Human Resources

From employment law to compensation and benefits, FMLA and hiring and firing and more, Business Management Daily provides comprehensive Human Resources updates.

Discover how your colleagues – and competitors – are dealing with discrimination and harassment, employment law, benefits programs, and more.

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The percentage of employees receiving promotions increased to 9% in 2014, up from 7% in 2010 according to a new “Promotional Guidelines” survey released by the total rewards nonprofit WorldatWork.
What should you do if an employee has a disability that prevents him for doing his job? The ADA says you must try to find a reasonable accommodation. But who decides what’s reasonable?

When a government employee is arrested and charged with a crime related to her job, most public employers take some form of action—typically suspending the employee pending trial. If they are found guilty, they usually are terminated. Then the employee is entitled to “some sort of a hearing,” according to Supreme Court precedent. But what if criminal charges wind up being dropped?

A supervisor’s single threat leading to a salary deduction could cost your company millions.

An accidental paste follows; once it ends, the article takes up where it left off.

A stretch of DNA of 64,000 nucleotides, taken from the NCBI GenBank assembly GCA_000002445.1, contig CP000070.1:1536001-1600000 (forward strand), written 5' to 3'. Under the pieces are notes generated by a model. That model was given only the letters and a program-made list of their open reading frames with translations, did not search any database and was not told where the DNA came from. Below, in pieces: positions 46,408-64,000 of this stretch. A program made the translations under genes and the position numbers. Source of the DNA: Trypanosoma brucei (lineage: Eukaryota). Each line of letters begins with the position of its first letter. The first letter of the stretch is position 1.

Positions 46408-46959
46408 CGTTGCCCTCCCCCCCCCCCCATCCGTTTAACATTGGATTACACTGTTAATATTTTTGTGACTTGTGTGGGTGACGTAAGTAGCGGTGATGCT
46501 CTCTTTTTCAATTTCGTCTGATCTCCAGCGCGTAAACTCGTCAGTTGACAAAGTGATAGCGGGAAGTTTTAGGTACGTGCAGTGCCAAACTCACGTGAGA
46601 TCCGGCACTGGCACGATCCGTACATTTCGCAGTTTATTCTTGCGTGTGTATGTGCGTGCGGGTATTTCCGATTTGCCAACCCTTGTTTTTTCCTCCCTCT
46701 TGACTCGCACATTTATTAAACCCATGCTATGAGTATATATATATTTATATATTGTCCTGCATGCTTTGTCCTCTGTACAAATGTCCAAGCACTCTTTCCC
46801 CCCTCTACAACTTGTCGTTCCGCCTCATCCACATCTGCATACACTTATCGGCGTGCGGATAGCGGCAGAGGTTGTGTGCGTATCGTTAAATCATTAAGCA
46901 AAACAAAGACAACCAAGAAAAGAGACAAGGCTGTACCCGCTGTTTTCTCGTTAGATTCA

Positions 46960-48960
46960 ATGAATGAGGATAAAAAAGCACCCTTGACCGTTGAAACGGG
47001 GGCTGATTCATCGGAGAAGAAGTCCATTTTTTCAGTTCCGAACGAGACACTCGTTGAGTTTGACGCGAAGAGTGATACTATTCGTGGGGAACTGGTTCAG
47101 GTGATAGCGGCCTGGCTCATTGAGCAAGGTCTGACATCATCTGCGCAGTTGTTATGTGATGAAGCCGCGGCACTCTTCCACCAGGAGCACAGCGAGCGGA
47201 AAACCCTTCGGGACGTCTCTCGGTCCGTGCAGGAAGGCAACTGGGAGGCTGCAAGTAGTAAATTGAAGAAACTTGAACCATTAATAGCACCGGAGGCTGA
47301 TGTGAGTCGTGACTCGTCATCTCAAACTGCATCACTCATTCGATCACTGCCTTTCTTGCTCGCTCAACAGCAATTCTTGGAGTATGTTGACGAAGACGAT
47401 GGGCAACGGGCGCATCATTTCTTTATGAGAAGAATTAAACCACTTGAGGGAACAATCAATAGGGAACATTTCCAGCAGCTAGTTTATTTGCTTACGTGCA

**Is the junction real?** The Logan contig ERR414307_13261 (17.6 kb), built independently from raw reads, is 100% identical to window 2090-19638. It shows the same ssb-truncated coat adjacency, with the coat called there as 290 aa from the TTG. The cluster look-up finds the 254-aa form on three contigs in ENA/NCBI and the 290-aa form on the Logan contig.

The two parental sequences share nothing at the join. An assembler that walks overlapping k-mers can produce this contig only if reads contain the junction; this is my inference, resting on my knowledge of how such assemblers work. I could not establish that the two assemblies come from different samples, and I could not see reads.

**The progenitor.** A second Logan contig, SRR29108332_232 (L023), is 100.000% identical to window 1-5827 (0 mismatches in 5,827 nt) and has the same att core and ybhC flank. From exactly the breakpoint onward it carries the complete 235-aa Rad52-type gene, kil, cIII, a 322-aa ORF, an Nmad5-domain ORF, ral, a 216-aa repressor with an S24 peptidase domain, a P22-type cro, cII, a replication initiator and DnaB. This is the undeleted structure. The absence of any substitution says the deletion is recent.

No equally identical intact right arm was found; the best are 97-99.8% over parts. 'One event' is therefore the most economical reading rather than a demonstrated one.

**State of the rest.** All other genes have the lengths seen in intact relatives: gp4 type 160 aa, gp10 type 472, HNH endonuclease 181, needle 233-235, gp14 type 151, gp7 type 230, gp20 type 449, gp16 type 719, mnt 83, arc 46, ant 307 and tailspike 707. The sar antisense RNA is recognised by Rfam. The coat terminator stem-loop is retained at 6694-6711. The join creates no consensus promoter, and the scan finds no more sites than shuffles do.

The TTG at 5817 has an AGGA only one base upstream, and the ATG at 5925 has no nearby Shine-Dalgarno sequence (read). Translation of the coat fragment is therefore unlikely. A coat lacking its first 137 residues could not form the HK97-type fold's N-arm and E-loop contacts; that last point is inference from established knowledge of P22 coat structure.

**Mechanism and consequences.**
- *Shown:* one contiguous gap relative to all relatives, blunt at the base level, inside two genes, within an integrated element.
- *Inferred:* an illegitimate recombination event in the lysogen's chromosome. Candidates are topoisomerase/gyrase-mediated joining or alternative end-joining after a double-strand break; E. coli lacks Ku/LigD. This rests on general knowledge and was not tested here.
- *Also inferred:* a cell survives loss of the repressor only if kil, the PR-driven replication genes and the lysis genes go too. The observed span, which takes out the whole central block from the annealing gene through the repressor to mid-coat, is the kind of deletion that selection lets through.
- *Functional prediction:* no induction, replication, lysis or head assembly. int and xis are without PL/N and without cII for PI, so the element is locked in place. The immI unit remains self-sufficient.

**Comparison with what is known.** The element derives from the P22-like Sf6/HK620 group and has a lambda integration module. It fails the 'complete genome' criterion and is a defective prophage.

Turnover is costly and time consuming, so you should do everything in your power to coach employees to turn around poor performance and behaviors. However, if after several attempts to rehabilitate the following types, you see no improvement, you may need to cut them loose to protect the morale and productivity of the rest of your staff.

What first impression do you give new employees? You can start new hires feeling organized and in the know (before their first days) by sending a welcome package in the mail.

When it comes to workplace wellness programs, the old adage that you can lead a horse to water but you can’t make him drink is true. Only about 24% of those who work for large employers that offer wellness programs actually participate in them.

Every HR pro knows there are some questions you just can’t ask and topics you can’t raise during job interviews. But what if the applicant brings up an off-limits subject?
Employees who claim they were victims of a sexually hostile work environment don’t have to provide an exhaustive list of alleged hostile acts. Details can be provided later.
An employee who tries to internally report alleged wrongdoing and is then fired can pursue internal remedies—and then go directly to court with her discharge and retaliation claims.